For the avoidance of doubt, we don’t blame anyone – that’s not how we feel. Margot was red headed & fair skinned and at that age when youngsters start to move around a lot – so red hair, pale skin & bruises on a toddler provided a cover under which the leukaemia was lurking.
So, we only discovered that Margot had leukaemia when the disease was at an advanced stage.
5 This photo was taken on Monday 7 October 2013 – on that day Margot woke at 5:30am and vomited. We decided to take her to a private paediatrician and he straightaway suggested that she be admitted to hospital, following a physical examination. That paediatrician sent Vicki home with instructions to prepare for a hospital stay, suspecting Wilms disease, which is a tumour on the kidneys (Margot’s abdomen was distended at the time). I took this photo at home whilst Vicki was busy packing a bag. With the benefit of hindsight, when I look at it now, I can see that Margot doesn’t look well.
At Chelsea & Westminster Hospital, the ultrasound scan showed that there was no massing and that Margot’s kidneys were all clear – cue huge relief for us both; thank goodness ! For a moment there, we thought Margot might have had cancer.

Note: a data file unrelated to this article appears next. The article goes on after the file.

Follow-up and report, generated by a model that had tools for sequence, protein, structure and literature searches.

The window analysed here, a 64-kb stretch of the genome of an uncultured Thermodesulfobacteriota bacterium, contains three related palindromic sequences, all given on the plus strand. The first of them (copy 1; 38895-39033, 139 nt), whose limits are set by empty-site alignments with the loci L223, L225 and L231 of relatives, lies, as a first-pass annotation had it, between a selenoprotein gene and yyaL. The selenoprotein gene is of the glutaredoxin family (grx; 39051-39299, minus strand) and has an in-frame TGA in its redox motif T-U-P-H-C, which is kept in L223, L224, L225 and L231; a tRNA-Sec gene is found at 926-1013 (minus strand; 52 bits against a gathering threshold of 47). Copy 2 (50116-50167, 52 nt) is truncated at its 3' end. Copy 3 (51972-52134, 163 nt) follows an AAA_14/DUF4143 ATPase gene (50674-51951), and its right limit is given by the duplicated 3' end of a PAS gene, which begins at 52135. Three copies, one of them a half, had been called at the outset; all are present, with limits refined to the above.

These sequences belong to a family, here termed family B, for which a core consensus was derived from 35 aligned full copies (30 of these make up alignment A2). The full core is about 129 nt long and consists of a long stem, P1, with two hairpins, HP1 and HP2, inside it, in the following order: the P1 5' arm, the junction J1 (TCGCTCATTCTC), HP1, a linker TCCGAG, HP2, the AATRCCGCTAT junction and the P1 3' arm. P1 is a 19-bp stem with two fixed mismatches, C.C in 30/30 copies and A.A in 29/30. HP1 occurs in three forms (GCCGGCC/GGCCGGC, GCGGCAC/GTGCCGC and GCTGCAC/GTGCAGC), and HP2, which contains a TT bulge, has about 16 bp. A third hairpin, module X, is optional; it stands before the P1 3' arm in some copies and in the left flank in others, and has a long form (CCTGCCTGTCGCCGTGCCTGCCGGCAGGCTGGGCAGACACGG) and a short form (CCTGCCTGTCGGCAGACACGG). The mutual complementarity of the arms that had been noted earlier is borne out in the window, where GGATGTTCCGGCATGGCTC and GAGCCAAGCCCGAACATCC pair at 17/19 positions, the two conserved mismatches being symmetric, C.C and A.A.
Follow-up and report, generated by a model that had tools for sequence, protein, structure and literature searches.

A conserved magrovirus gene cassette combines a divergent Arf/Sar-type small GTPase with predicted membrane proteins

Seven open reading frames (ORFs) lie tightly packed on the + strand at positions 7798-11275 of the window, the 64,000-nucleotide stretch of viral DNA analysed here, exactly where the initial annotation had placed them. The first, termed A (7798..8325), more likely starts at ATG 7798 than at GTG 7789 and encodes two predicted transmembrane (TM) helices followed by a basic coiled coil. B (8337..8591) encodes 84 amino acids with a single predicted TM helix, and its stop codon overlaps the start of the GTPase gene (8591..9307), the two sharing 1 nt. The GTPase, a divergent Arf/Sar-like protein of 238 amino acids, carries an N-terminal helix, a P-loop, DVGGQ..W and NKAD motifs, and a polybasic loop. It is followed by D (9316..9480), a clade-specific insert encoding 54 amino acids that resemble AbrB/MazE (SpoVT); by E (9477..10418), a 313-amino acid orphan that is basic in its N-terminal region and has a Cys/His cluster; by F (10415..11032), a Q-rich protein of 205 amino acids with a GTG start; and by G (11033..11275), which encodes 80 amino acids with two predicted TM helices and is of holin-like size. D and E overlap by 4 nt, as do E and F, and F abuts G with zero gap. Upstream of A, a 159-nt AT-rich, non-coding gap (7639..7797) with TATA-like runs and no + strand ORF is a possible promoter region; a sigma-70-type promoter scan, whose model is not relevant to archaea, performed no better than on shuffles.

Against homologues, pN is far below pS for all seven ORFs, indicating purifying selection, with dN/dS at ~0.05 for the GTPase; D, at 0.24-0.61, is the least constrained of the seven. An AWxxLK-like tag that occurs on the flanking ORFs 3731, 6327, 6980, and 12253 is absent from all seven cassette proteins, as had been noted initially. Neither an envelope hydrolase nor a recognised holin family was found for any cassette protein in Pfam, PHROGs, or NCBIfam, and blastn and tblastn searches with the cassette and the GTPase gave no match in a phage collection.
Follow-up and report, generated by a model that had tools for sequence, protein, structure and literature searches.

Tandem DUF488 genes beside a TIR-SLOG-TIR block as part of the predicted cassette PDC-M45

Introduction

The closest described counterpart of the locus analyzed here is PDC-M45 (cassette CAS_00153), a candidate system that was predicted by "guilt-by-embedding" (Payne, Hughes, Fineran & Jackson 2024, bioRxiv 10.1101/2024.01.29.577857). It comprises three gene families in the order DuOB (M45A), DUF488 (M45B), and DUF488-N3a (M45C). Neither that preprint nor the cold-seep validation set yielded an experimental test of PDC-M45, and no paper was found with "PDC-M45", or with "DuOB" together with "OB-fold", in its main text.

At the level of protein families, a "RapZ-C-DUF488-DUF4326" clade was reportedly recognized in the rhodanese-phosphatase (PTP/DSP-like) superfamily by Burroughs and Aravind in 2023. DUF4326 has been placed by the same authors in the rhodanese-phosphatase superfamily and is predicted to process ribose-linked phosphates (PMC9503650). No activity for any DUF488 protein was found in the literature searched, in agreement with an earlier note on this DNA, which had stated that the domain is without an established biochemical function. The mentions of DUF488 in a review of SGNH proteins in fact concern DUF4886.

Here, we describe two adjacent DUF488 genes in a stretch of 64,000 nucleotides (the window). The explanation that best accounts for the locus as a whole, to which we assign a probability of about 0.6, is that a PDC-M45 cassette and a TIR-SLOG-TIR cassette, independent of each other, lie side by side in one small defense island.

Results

Maybe she’s just anaemic ?
But then the blood tests came back. There was initially some confusion. The full blood count didn’t make sense. The numbers were very abnormal. So they assumed that Margot’s bloods had been contaminated somehow and they took more blood for further tests.
Those full blood count results came back again, with very abnormal numbers. It was noted that the number of white blood cells was extremely high (Margot’s white cell count was recorded at 420. It’s normally within the range of 4 – 10 or perhaps 12). We were told us that most likely, this was leukaemia. The doctors didn’t seem certain – it was all very early information – but that was the direction of travel.